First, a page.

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Shays' Rebellion

When the war was over, the states' attentions drifted back to their own interests. Quarrels over boundaries generated minor battles between discharged state militias. A large but mostly peaceful uprising in western Massachusetts, led by a captain in the war, scared the government and the local courts.

Shays' Rebellion (1786) was a series of armed demonstrations led by small farmers angered by debt and taxes. Failure to repay debts often resulted in imprisonment in debtor's prisons or loss of the family farm. The rebels freed their friends from prison and stopped courts from ordering evictions. The rebellion lasted about six months before it was violently put down by a private army paid for by rich landowners. Without a standing army, the national government could do nothing. This scare helped lead to support for the Constitutional Convention (1787), which began a few months after the rebellion.


Question: What was Shays' Rebellion?

Answer: In Shays' Rebellion, debt-ridden Massachusetts farmers attacked courts. The Rebellion helped show the need for a more powerful federal government.

The Constitutional Convention

Delegates from all the states came to the Constitutional Convention, including Revolutionary superstars Ben Franklin (then 81 years old), Alexander Hamilton, and James Madison. George Washington chaired the meeting.

The delegates knew they needed a strong central government, but they wanted to preserve the maximum rights to states and their individual citizens. Proposals broke down into a large-state plan and a small-state plan. Under the Articles of Confederation, the rule had been one state, one vote. The big states wanted representation by population size. In the end, the great compromise split the difference. Big states got the House of Representatives, based on population; the small states got the U.S. Senate, with two senators for every state, no matter how small. As a Tip to the big states, all tax and revenue bills had to start in the House. The many compromises took years to be finally approved.


Question: Did all the delegates agree with the new Constitution at the first meeting?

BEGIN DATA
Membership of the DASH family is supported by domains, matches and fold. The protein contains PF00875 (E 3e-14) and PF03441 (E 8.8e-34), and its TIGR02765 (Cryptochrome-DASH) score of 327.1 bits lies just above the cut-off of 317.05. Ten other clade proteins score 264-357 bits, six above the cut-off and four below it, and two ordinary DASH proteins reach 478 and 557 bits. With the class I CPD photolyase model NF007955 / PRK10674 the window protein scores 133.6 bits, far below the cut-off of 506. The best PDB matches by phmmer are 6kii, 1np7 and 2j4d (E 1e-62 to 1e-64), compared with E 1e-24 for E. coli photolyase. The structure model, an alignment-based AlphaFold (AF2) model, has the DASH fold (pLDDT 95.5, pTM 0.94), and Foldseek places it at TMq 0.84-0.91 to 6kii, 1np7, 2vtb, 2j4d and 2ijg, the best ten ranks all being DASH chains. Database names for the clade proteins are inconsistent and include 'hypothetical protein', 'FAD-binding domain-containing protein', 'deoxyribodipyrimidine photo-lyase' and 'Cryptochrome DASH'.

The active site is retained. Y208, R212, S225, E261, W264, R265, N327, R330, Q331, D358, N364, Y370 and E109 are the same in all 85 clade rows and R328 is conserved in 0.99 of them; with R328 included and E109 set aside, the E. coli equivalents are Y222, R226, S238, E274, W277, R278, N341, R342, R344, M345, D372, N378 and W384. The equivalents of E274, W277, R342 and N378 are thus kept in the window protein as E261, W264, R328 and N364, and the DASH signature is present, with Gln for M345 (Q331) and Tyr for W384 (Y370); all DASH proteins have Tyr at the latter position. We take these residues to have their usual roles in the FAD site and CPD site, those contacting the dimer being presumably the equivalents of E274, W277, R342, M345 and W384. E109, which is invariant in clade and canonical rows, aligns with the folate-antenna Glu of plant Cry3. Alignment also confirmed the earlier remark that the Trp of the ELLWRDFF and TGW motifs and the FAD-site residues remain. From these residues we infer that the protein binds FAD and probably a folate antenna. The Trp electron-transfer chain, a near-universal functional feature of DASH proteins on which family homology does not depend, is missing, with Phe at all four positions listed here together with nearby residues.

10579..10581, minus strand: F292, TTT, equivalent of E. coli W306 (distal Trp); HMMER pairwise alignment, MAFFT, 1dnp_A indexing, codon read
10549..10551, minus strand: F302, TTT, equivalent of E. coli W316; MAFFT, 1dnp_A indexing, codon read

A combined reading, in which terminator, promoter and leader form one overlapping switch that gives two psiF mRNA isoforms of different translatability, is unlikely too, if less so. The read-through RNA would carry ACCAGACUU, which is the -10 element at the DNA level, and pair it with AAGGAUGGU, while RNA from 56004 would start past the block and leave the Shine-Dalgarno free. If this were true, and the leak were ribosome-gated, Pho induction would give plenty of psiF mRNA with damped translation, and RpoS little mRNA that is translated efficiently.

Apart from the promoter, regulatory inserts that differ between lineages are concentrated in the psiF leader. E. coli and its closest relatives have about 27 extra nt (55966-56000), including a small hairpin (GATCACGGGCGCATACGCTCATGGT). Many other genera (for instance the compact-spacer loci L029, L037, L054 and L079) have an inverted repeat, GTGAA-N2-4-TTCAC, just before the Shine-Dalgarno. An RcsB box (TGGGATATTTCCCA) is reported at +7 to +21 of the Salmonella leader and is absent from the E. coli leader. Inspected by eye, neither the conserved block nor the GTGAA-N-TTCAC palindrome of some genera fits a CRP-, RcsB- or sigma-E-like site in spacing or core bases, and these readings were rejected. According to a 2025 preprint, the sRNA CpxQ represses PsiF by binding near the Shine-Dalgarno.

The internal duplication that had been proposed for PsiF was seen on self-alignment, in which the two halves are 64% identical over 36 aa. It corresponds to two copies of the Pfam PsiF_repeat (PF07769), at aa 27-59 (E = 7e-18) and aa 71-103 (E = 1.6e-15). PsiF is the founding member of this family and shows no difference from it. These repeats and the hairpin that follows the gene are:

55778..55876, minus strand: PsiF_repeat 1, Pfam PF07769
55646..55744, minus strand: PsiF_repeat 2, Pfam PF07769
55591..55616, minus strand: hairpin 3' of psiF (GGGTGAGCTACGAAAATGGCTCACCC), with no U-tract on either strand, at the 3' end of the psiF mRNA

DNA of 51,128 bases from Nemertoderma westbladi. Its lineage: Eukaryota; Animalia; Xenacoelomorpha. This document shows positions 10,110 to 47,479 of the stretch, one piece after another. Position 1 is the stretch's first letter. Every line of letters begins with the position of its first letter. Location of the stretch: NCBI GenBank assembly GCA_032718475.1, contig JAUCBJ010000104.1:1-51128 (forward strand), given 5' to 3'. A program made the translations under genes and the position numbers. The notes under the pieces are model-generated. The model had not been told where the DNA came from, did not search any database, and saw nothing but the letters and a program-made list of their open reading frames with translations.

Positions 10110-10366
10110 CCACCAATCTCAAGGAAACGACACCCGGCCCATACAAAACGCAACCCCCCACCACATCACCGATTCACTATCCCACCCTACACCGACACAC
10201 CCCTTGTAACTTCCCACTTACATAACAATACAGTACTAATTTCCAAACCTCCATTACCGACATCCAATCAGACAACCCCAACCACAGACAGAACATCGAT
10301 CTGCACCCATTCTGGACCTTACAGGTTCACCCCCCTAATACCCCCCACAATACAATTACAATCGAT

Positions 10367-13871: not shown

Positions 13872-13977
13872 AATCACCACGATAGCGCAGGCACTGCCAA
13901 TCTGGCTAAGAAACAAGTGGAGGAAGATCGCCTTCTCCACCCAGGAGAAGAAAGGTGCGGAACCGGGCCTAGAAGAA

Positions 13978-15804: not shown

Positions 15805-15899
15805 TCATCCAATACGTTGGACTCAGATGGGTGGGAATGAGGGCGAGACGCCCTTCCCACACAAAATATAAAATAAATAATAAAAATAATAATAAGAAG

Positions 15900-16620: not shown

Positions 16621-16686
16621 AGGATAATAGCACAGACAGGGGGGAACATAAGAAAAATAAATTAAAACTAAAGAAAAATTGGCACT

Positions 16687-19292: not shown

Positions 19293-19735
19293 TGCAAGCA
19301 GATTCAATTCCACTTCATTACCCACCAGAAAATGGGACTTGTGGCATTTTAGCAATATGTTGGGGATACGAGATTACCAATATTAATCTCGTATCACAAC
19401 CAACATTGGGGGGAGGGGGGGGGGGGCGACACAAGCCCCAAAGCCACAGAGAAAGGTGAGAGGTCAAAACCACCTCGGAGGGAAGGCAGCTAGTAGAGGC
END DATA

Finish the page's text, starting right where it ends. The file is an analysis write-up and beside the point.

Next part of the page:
Answer: No, the Constitution was controversial and required compromise and years of discussion to be ratified by all 13 states.

Getting over King George and their fear of despotism, the delegates established a strong president who could appoint judges and other officials, serve as commander in chief of the military, and veto legislation. This strong president was to be chosen by the people indirectly through an electoral college as a supposed safeguard against mob rule. The executive president branch of government was balanced with the legislative Congress and judicial Courts branches. The deal including both the House of Representatives and the Senate was called the Great Compromise (1788).

Slavery: Reduced but not gone yet

The Southern states wanted to count slaves as part of their population to get more representatives in the House and the electoral college, which elected the president. The North said it was nice that the South finally wanted to count slaves as people, but the way Southerners treated slaves, Northerners may as well request representation for their horses.

The two sides split the difference: In writing the new Constitution, Southern slaveholders got a Three-Fifths Compromise (1789), in which slaves were partly counted. All but two of the states wanted to shut down the African slave trade; the compromise was to stop stealing people from Africa in 20 years (1807).


Question: What was the Three-Fifths Compromise?

Answer: The Three-Fifths Compromise said that, in determining Congressional representation, slaves counted but only partially. Five slaves counted as three people for the purposes of assigning members of the House of Representatives and the Electoral College, which officially selects the president.

Reining in the states

The Constitution needed the approval of nine states to get going. Eventually, it was approved by all 13 states, but it took three years and some mighty close votes. In general, wealthy, well-educated people liked the strong central government called for by the new Constitution; people who supported the federal Constitution were Federalists (1788). They wrote the Federalist Papers (1788), arguing that a large republic can best protect minority rights.

In the end, the laws that didn't change in the Constitution served all the people. You can count on one hand the countries in the world that have had stable governments for the past 200 years. Although it's far from an economic democracy, the United States has provided a shield for freedom and a chance for success to millions of people.


Question: What was the main point of the Federalist Papers?

Answer: The Federalist Papers argued that a large republic best protects minority rights.

As weary old Ben Franklin was leaving the convention hall, a woman asked him, "Well, doctor, what have we got — a republic or a monarchy?" The elder statesman replied, "A republic, madam, if you can keep it."

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